• Functionality – Good (4/5): The Range Tactical Gloves functioned well as intended for a pair of light/moderate shooter gloves. Positive tactile sensation was maintained to the trigger despite the thickness of the leather, and dexterity during magazine changes and function drills was not impaired. The slit finger joints gave the gloves a good level of flexibility over a number of market alternatives that use a solid approach. The only negative note would be the touchscreen pad on the middle finger, and a notable inconsistent compatibility to smart screen devices.
  • Weight – Good (4/5): At 2.4 ounces (for the pair) the Range Tactical Gloves were very lightweight and gave a near “naked” feel that provided very good tactile sense to the trigger control group and magazines. The Range Tactical Gloves were lighter than either the FDT Gloves (3.04 ounces) or the Duty Glove (3.42 ounces) which alludes to the Range Tactical Glove’s lightweight materials and design. Obviously the more protective materials and features included on any glove, the more weight is added and for a lightweight field/duty glove the Range Tactical Gloves stride the line between weight and function.

 Overall Rating – Good (20/25)

Product Link:

I am reviewing this product as a courtesy to the manufacturer and via High Ground Media, LLC, so that I can evaluate it and provide my honest feedback. I am not bound by any written, verbal, or implied contract to give positive reviews. All views are my own, and based off my personal experience with the product.

The views and opinions expressed on this website are solely those of the author. The views and opinions do not necessarily represent those of the administrative staff, and/or any/all contributors to this site.

EOTech XPS2: A Little Revision, Same Legacy

The XPS2 is a compact holographic tactical sight offered by EOTech, and its size makes it ideal for competitive, tactical, or defensive shooters.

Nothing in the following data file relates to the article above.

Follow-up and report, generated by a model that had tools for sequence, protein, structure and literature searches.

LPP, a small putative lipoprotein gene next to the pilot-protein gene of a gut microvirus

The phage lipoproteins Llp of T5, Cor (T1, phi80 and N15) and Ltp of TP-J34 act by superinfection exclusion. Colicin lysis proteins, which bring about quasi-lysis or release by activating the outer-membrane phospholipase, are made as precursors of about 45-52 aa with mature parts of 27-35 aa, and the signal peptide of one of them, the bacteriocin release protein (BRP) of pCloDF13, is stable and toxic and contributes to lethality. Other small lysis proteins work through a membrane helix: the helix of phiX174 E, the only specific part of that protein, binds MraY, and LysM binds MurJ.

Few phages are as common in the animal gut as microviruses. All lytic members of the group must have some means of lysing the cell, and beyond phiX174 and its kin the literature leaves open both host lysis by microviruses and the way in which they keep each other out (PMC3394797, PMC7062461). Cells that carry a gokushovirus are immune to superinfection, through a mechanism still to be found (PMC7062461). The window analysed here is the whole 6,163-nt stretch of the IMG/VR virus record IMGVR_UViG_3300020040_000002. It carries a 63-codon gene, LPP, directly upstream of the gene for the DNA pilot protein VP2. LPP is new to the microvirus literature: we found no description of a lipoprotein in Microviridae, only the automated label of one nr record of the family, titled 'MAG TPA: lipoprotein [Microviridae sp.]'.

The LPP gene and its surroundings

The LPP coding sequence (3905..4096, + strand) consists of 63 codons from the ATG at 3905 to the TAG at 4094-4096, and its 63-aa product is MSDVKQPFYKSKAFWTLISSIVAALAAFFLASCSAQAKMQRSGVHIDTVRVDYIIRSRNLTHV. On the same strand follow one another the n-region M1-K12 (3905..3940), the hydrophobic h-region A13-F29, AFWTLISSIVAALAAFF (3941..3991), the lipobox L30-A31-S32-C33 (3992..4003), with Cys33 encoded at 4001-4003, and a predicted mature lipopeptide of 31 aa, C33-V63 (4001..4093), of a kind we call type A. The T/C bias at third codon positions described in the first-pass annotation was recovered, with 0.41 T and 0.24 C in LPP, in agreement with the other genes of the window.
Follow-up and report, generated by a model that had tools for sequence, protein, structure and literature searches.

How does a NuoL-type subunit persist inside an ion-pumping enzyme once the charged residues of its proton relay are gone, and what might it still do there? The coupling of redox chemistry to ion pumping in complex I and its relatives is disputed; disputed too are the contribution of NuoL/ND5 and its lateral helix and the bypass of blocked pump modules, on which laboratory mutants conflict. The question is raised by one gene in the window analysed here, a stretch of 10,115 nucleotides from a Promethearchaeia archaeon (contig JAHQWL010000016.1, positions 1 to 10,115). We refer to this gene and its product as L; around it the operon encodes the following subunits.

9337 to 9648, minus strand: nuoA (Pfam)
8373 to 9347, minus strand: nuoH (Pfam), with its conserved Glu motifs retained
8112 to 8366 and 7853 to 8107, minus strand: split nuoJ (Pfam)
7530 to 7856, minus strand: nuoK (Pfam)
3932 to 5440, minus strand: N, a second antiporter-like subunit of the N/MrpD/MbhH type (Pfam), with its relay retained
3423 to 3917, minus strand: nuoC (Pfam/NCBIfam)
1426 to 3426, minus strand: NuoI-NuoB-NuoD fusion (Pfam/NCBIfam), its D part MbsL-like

Introduced in 2012, the XPS line of holographic weapon sights (HWS) was a progressive step forward by EOTech over its former 512 line. The XPS2 is a non-QD version of the EXPS model which remains part of the Department of Defense contract to military forces. Per the manufacturer, the HWS system “…is for the M4A1 carbine and CQBR in Close Quarters Battle” but is not limited to those applications.

The XPS2 comes in five different models based on functionality and weapon platform:

  • XPS2-0: 68 MOA ring w/1MOA dot reticle
  • XPS2-1: 1 MOA dot reticle
  • XPS2-2: 2-dot ballistic reticle
  • XPS2-300: 300 BLK 2-dot ballistic reticle
  • XPS2-0GREY: Gray exterior housing, 68 MOA ring w/1MOA dot reticle
  • XPS2-0GRN: Green exterior housing, 68 MOA ring w/1MOA dot reticle
  • XPS2-FN: FN Herstal less lethal reticle
  • XPS2-SAGE: Targeting and ranging reticle


In the XPS2-0 (featured) the 68 MOA outer ring enables for rapid target acquisition of threats within 7m and less, while the 1 MOA dot is intended for mid-to-close range targets. The XPS2 body measures 3.8” x 2.1” x 2.5” (97 x 54 x 64 mm) and has 20 levels of reticle illumination. The window dimensions are 1.2″ x .85″ and the front window material is 1/8” glass, while the rear window material is 3/16” laminate.

The XPS2 shares the same body-style as the XPS3, which is the model that offers night-vision compatibility. The XPS2 uses the standard 1” weaver or MIL-STD-1913 rail as a mounting platform. Using a 123-lithium power source, the XPS2 can run for approximately 1000 hours at a brightness setting of 12 at room temperature.

LitepathSpecifications for the XPS2-0

  • Magnification – 1x
  • Eye Relief: Unlimited
  • Powersave: Auto shut-off at 8 hours, programmable to 4. Auto battery-check (reticle flashes) indicator at start-up signals 2-5 hours battery life remaining
  • Fog-resistant and anti-reflection lens coating
  • Adjustment (per click): Approx. 0.5 MOA (1/2″ at 100 yds) when zeroing
  • Adjustment Range: +/-40 MOA travel
  • Water resistant to 10 ft. (3 m)